Labor Day is a United States federal holiday that takes place on the first Monday in September. The holiday began in 1882, originating from a desire by the Central Labor Union to create a day off for the "working man". It is still celebrated mainly as a day of rest and marks the symbolic end of summer for many. Labor Day became a federal holiday by Act of Congress in 1894. (source: Wikipedia.org)
But nowadays, what began as a federal Holiday created to honor the Organized labor movement has now, sadly, become something else entirely. About the only thing closed on Labor day any more is the government. Labor Unions, once a powerful force to be reckoned with, have been reduced to a shadow of their former selves, thanks to the actions of Wal-Mart and other corporate powers that work actively day in and day out to diminish the power of organized labor even further.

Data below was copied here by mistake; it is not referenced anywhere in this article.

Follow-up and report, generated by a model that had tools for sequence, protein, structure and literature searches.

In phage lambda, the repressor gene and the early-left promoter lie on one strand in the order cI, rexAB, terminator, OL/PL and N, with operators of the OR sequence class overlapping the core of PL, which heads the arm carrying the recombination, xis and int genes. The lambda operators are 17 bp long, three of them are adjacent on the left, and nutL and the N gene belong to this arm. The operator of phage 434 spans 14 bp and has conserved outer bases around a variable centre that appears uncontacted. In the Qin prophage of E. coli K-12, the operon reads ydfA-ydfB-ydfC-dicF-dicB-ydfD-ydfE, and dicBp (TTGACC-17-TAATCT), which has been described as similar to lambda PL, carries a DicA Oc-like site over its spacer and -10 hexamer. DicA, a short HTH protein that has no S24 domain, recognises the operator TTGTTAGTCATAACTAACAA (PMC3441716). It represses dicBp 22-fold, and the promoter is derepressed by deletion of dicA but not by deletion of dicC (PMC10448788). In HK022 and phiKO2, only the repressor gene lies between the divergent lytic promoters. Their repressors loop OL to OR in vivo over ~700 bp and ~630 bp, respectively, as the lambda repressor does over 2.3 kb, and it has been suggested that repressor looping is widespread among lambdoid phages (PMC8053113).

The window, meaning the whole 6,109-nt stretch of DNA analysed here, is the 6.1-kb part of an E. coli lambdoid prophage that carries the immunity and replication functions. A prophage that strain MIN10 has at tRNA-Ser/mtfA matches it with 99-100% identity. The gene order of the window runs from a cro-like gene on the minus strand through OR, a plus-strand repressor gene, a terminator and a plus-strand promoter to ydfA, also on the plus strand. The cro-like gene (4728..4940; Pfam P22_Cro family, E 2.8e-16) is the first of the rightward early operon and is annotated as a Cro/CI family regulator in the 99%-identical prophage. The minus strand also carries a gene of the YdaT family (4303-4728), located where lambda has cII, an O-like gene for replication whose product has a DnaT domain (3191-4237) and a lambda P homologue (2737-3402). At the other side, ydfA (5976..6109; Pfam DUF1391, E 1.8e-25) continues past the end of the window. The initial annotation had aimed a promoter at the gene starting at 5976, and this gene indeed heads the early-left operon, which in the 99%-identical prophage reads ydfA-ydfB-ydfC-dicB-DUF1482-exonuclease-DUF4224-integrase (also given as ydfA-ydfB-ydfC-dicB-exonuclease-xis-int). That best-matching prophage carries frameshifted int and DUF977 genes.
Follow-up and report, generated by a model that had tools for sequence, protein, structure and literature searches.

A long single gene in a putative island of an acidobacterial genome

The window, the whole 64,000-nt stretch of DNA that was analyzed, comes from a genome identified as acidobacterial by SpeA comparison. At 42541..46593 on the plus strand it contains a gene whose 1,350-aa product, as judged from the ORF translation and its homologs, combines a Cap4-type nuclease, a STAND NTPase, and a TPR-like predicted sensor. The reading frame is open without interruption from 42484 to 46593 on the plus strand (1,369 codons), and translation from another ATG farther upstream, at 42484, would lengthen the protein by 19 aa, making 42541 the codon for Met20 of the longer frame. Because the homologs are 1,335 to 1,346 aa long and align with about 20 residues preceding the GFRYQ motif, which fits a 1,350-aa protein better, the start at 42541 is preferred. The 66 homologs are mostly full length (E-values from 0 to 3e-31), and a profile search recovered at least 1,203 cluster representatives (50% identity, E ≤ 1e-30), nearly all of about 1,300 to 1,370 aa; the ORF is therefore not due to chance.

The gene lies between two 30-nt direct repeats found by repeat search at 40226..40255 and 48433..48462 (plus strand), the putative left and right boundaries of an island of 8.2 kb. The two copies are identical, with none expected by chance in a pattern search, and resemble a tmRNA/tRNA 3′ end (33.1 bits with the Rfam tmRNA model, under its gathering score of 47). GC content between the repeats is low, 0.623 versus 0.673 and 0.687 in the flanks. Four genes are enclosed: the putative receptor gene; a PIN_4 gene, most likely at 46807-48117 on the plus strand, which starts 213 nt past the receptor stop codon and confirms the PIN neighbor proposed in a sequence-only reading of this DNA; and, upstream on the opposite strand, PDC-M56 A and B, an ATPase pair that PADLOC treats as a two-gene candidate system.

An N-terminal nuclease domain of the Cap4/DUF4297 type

It was the power of organized labor that instituted the 40-hour work week, the child labor laws, and scores of other laws that forced businesses to treat their employees like people instead of assets to be used up and then disposed of. Corporate America has never forgotten that, and they have been working ever since to undo those changes. And they have time and an endless supply of money on their side.
So before you, the 3 readers of this blog, kick back and enjoy your barb-B-Q and beer, pause and take a minute to reflect what your life would be like without the laws Organized labor instituted. For one thing, you'd probably be working right now instead of reading this.
Then, count your blessings.
By the way, for those of you keeping score at home, this makes 3 posts in 3 days. That's a personal record for me!